DAVE GILES: Underground artists are all of a sudden seen amongst the big name acts. This is arguably due to the increasing level of accessibility to DIY recording. We now live in a time where bands or solo artists can release their music on self-funded record labels Essex born singer songwriter Dave Giles, 31, is the epitome of a DIY artist.

Up until their split in the middle of 2010, Dave was the guitarist in a large underground indie band and his sudden change in course came as a shock to the bands fanbase. Not only were followers upset over the breakdown of the band but sceptical over the concept of Dave being a one man act. However, due to his reputation of being the cheeky and charismatic one in the band, many gave him a chance, and his debut seven track EP “The First Seven” was launched in October 2010 with a sold out show at The Barfly in Camden, released (as with all of his material) by his own record label “Cheeky Chimp Records Ltd”. Since then he has toured the UK numerous times as well as tours of Ireland and Australia and numerous releases.

Being an artist in the 21st century definitely has its advantages for unsigned artists. Various social medias such as Facebook, Twitter, and YouTube offered Dave the communication with the public that he so desperately needed at the time. Being able to promote his music, his gigs and in general, himself to his current as well as potential followers worked outstandingly well for Dave. People took a shine to his openness, his raw song writing skills as well as his interest in others. Dave Giles is a rare artist who spends a lot more time with his fans than just inviting them to gigs.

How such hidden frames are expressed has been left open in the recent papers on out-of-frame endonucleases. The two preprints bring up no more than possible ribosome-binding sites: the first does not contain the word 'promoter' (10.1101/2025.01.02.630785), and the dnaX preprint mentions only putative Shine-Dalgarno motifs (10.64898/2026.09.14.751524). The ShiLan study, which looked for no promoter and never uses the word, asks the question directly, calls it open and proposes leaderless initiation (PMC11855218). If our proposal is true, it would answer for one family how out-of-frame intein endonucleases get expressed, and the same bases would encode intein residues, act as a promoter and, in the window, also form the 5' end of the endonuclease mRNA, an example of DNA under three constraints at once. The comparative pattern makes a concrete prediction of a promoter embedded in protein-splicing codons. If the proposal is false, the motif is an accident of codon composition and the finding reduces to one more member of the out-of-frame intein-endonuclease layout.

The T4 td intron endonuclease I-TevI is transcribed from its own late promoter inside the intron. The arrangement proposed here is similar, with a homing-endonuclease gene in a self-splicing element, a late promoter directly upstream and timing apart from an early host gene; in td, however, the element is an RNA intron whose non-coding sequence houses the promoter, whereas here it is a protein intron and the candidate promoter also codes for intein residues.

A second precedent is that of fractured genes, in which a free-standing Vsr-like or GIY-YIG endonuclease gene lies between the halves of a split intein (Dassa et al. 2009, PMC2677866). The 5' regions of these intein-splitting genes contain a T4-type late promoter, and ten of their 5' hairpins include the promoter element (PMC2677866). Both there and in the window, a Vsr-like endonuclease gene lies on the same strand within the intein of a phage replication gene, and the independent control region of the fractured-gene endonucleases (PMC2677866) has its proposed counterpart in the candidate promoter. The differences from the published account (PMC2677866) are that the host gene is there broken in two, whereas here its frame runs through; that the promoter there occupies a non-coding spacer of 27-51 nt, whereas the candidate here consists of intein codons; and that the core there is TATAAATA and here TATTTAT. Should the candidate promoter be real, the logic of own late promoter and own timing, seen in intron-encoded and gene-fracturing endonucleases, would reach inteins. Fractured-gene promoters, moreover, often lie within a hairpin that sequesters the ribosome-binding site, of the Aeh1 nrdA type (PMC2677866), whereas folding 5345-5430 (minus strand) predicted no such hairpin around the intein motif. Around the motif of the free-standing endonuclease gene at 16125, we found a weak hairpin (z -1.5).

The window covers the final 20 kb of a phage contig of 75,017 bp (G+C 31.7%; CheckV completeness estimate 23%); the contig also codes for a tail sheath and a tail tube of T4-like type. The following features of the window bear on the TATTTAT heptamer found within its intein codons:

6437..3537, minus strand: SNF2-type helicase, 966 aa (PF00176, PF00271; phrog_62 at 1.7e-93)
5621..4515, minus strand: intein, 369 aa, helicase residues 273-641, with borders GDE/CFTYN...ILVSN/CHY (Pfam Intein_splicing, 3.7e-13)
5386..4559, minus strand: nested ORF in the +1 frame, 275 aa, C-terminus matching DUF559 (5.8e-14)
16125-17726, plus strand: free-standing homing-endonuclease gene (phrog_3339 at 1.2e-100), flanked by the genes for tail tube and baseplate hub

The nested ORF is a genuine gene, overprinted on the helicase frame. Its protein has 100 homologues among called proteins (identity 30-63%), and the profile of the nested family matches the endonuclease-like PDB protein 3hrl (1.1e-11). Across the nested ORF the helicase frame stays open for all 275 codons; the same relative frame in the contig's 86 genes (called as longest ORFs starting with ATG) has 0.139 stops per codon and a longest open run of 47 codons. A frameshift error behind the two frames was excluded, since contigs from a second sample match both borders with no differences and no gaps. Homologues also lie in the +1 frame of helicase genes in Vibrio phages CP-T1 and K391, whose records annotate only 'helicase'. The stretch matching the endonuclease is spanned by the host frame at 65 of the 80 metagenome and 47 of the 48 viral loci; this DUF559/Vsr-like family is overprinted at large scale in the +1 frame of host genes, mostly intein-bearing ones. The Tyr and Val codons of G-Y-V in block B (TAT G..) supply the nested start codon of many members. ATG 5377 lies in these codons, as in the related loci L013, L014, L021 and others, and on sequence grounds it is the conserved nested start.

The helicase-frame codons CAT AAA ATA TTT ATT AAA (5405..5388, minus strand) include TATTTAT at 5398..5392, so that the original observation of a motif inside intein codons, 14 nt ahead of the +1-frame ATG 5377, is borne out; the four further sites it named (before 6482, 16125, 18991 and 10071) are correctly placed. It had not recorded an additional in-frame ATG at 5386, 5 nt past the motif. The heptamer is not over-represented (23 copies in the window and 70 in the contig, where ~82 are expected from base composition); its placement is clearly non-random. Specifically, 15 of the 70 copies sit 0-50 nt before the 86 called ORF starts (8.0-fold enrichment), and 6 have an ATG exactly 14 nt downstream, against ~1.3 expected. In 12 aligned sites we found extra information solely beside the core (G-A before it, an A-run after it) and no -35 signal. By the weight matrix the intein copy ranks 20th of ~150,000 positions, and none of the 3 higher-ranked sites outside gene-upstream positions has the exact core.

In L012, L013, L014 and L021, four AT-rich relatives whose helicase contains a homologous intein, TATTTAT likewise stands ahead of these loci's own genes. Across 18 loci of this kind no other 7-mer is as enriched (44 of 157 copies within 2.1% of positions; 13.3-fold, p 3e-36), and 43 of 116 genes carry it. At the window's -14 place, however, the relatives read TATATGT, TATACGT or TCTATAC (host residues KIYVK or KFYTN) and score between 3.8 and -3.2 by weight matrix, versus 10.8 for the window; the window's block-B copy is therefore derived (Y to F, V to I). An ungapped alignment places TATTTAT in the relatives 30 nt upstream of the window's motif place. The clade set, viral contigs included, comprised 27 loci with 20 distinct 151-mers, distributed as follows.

Dave’s musical style is casual and slightly, yet wonderfully juvenile. Drawing inspiration from idol, Billy Bragg, Dave’s music is a form of folk, acoustic rock with his own twist.

Always the shepherd and never the sheep, Dave’s performance on stage is always unpredictable and innovative. Equipped with a sharp wit, props and quirky songs, Dave knows how to put on a show. Whether he is prancing around bare foot (a common trait of the Essex boy) or gathering the audience to sit on the floor, in a circle around him, Dave always manages to keep an audience on their toes (or in some circumstances, not).

Basically, Dave isn’t one of those stylish, good looking singers.

He just does music and hopes that people listen.